(But then, in terms of increasing the accessibility of art in general I prefer projects that bring art to audiences in rural/remote or disadvantaged communities than those that seek to bring people to the art.)
These virtual exhibitions on the other hand feel much more in line with the tradition of good audio visual displays, highlighting details and providing supplementary materials, such as interviews and film clips, while also making good use of a personable narrator to provide background information and tie all the threads together in a welcoming and accessible fashion. Successfully walking the line between tempting the viewer who may later get a chance to go in person to still attend, yet leaving those who can’t attend satisfied that you’ve had a good flavour of the exhibition.
Scenes for Survival
These were a collaboration between BBC Scotland and various theatre companies around Scotland (mostly via NTS) to create a collection of short theatre pieces, between 5 and 15 minutes long. The format is mostly monologues, but there are a couple of duologues thrown in for variety, and as such they’re quite intense experiences. The actors vary from famous faces to lesser known stage stalwarts to new faces that seem destined for great things, while the writers and directors are a similar mix of safe pairs of hands and new voices trying new things. They cover a wide range of topics and styles – I particularly enjoyed Babe Rainbow – so you can pick and choose as the mood takes you or let yourself ride the emotional rollercoaster by treating them as individual parts of a much greater whole. They’re releasing a few new ones each week – there will be 40 in total and currently there are 32 up, I think – so even if you’ve checked them out before, it’s worth checking back to see what else they have to offer.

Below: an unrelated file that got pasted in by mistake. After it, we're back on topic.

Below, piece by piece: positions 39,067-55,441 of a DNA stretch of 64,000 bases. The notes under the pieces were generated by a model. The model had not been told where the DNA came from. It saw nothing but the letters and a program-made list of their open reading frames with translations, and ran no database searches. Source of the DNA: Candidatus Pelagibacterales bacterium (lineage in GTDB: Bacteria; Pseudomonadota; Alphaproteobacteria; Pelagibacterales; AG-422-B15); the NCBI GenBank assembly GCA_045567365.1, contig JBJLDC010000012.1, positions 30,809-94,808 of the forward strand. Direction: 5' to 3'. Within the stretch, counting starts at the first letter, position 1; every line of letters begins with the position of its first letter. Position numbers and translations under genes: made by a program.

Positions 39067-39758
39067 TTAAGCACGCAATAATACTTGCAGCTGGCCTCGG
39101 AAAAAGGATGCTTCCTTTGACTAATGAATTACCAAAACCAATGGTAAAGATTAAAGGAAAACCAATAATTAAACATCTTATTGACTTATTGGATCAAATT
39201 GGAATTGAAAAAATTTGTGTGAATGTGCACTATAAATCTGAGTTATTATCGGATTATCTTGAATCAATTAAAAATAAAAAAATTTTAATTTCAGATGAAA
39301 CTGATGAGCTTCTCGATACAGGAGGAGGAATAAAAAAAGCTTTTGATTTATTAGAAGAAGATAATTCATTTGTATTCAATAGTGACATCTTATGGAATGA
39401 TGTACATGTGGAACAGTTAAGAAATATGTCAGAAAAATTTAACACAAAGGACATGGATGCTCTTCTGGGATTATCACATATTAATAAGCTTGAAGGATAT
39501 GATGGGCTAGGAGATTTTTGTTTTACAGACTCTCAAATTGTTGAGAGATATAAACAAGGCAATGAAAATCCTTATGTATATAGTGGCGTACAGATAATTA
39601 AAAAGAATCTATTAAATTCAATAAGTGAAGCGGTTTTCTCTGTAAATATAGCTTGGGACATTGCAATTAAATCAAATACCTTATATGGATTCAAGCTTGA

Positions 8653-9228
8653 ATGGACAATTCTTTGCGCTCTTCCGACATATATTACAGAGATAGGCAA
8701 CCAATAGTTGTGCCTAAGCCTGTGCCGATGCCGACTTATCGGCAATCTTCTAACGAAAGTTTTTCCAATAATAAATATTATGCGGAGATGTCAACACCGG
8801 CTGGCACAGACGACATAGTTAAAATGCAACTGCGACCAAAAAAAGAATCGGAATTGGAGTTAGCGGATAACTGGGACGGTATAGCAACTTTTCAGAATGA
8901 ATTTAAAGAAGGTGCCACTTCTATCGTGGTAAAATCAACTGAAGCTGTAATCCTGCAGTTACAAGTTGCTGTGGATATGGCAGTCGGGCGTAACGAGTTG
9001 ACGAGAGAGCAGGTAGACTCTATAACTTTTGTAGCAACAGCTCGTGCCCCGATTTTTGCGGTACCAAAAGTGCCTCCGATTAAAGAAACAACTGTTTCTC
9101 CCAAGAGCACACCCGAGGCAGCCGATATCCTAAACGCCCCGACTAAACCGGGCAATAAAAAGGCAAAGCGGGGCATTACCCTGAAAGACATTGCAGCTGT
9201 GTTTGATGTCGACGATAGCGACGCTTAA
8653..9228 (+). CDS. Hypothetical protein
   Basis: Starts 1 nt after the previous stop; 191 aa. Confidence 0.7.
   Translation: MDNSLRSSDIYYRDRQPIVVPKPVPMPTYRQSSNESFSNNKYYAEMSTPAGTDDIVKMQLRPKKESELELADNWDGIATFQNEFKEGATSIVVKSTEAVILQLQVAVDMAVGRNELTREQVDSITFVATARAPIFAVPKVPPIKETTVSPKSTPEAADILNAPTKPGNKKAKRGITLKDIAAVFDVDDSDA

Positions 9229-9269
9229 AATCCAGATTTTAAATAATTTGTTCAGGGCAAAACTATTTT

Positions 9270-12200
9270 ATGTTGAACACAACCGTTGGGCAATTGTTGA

Opera, in Scots
Of course it’s not just the BBC producing and showcasing great lockdown art. In June Scottish Opera released a short opera – just thirteen minutes long – called The Narcissistic Fish with a libretto in Scots. It’s a small but perfectly formed short film, with gorgeous music and visuals, cracking performances (both singing and acting) and fabulous sound design. It packs all the essential elements of a good opera – tragedy, comedy, death, love, secrets, betrayal and jealousy – into the hothouse of a restaurant kitchen, where tensions are high and the knives – both metaphorical and literal – are sharp. The use of Scots language helps add to the immediacy of the story, making it feel even more of this current moment than it would otherwise. It feels like an excellent entry point for young audiences who might not think that opera could be for them, and I highly recommend it to anyone who’s interested in giving opera a try but are reluctant to face a whole evening of historical drama in Italian to find out.